Cure the Disease, not the Symptoms
After all the hype created at his very successful public meeting at Bahawalpur recently, it seems a pity that Imran Khan should have restricted himself to four question-answer “demands” focused on rigging in four constituencies during the last elections. He has the honesty and the charisma to assume leadership of the country some day, but he doesn’t seem to realize that there is little chance of him attaining that leadership under the current corruption-ridden, degenerated parliamentary system of government in Pakistan. The rigging in the elections, the recent horrific killings in Model Town, Lahore, and the general chaos are just symptoms of a three-pronged malaise besetting the country, rooted in:
- a pseudo-democratic system of government, where the amalgamation of the executive and legislative arms of government lays the foundation for corruption in all spheres of the public sector, which has made politics in Pakistan a business of ‘staking and making money’, as Imran himself had identified at the start of his political career,
- an absence of national identity, with the country unevenly divided into four, ethnicity-based provinces with 60% of the country’s population living in one province (in contrast, the population of California, the most populous state of the USA is only 15% of the country’s total population), and
- rural and urban feudalism, which manifested its ugly face in the brutal killings of fourteen innocents and the wounding of several others in Model Town, Lahore. This reminded one of the movies of the sub-continent during the 50s and 60s, where henchmen of the local chaudhry or wadera brutalized their unarmed opponents. The only difference was that the henchmen were not paid servants of the local overlord but were policemen, paid from the tax-payer’s money.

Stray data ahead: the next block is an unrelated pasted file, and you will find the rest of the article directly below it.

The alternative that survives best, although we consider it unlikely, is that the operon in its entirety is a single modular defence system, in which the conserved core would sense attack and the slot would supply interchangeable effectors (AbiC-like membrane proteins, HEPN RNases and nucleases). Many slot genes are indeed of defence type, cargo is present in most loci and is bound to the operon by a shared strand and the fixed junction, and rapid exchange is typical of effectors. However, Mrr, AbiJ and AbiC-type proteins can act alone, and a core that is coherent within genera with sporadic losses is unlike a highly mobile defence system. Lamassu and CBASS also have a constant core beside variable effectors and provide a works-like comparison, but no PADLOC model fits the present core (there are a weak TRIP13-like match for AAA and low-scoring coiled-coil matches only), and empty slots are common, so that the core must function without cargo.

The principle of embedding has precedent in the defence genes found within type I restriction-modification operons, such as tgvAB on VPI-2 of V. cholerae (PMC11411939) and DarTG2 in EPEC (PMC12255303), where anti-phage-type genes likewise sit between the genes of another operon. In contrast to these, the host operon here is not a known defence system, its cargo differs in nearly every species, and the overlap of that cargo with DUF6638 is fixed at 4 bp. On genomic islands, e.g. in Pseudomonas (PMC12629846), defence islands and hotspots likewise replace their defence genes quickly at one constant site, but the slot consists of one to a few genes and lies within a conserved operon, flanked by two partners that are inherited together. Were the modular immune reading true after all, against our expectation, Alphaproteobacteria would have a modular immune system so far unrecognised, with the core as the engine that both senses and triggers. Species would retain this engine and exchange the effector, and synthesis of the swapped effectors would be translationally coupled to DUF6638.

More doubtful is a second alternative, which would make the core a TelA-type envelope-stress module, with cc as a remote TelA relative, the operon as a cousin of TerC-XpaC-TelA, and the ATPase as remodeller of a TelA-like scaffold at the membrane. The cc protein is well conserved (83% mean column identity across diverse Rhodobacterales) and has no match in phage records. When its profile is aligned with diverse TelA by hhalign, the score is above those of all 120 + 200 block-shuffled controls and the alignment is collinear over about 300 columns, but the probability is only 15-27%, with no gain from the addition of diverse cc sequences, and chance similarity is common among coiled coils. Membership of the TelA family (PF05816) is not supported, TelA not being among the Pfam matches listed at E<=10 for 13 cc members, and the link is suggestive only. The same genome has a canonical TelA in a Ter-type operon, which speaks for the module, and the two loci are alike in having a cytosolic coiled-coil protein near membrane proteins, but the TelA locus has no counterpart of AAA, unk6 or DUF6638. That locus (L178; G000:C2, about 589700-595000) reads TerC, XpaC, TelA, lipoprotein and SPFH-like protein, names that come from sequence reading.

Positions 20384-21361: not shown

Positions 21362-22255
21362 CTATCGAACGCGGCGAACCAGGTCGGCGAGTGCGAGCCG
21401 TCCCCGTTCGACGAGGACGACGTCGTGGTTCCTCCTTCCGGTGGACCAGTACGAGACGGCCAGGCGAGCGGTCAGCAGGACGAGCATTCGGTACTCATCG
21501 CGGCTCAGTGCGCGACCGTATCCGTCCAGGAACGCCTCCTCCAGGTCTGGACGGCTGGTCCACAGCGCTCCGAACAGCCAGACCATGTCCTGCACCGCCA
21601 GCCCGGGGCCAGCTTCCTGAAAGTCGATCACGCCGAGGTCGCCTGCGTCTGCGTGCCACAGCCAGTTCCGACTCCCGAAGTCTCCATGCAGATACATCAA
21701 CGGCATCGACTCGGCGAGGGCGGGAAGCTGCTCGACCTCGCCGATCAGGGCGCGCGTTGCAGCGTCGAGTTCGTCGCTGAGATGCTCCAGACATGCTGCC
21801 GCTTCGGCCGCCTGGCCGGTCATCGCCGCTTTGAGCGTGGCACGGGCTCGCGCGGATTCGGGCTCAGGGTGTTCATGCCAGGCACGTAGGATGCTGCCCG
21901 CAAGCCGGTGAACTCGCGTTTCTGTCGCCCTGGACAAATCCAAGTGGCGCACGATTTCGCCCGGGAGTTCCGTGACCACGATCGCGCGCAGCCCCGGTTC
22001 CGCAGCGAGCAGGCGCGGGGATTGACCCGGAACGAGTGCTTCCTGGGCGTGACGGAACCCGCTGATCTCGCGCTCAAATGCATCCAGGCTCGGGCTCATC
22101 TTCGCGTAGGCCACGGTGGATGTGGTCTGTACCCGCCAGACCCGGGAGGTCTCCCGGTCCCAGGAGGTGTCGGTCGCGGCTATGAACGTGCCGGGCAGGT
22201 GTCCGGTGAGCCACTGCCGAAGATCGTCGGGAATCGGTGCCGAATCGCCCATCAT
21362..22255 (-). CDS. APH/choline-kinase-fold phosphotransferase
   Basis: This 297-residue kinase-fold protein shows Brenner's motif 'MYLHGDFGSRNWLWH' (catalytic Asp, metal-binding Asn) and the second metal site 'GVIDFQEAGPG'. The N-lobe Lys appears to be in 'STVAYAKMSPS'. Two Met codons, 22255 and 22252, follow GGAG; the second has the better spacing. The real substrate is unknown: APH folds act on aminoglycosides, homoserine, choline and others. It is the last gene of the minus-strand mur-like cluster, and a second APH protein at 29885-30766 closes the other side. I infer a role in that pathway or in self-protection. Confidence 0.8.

To cure the disease, the following changes in the system are necessary:
- A tripartite system of government with a president directly elected by popular votes, with autonomous and independent executive, legislative and judicial arms of the government acting as checks and counter-checks upon each other. It is not difficult to predict the winner if there were a direct confrontation between a leader such as Imran Khan, representing the forces for change, and the current leaders of the two major political parties (or their progeny) in face-to-face TV debates preceding the presidential elections.
- A re-demarcation of the provincial boundaries along the lines of the twelve former divisions of West Pakistan, with elected governors and legislators on the same pattern as at the center. A compulsory component will need to be a local government system, which is the cradle of democracy in all truly democratic countries. Such a system was already legislated and implemented by the government of former president Parvez Musharraf. Unfortunately, the government succeeding him did away with it because they thought it would diminish their hold upon the populace.
- It is too late to abolish feudalism by a stroke of the pen as was done in India shortly after independence. Howevever, its hold can be gradually diminished by the imposition of heavy death duties and an end to benamis, as was done in the UK.
The only national leader dedicated to this kind of system change (leaving aside minor details which can be worked out by consensus) is Dr. Tahirul Qadri. If Dr. Qadri’s mission is successful, the biggest beneficiary will be Imran Khan. After being defeated by the current system in three previous elections, prior to each of which he was full of confidence about sweeping the elections, Imran Khan should know better. Major surgery is required in order to put things right in the country’s body politic and Imran Khan, along with all the other forces for change, need to align themselves with Dr. Qadri in order to attain this objective. They need to cure the disease, not the symptoms.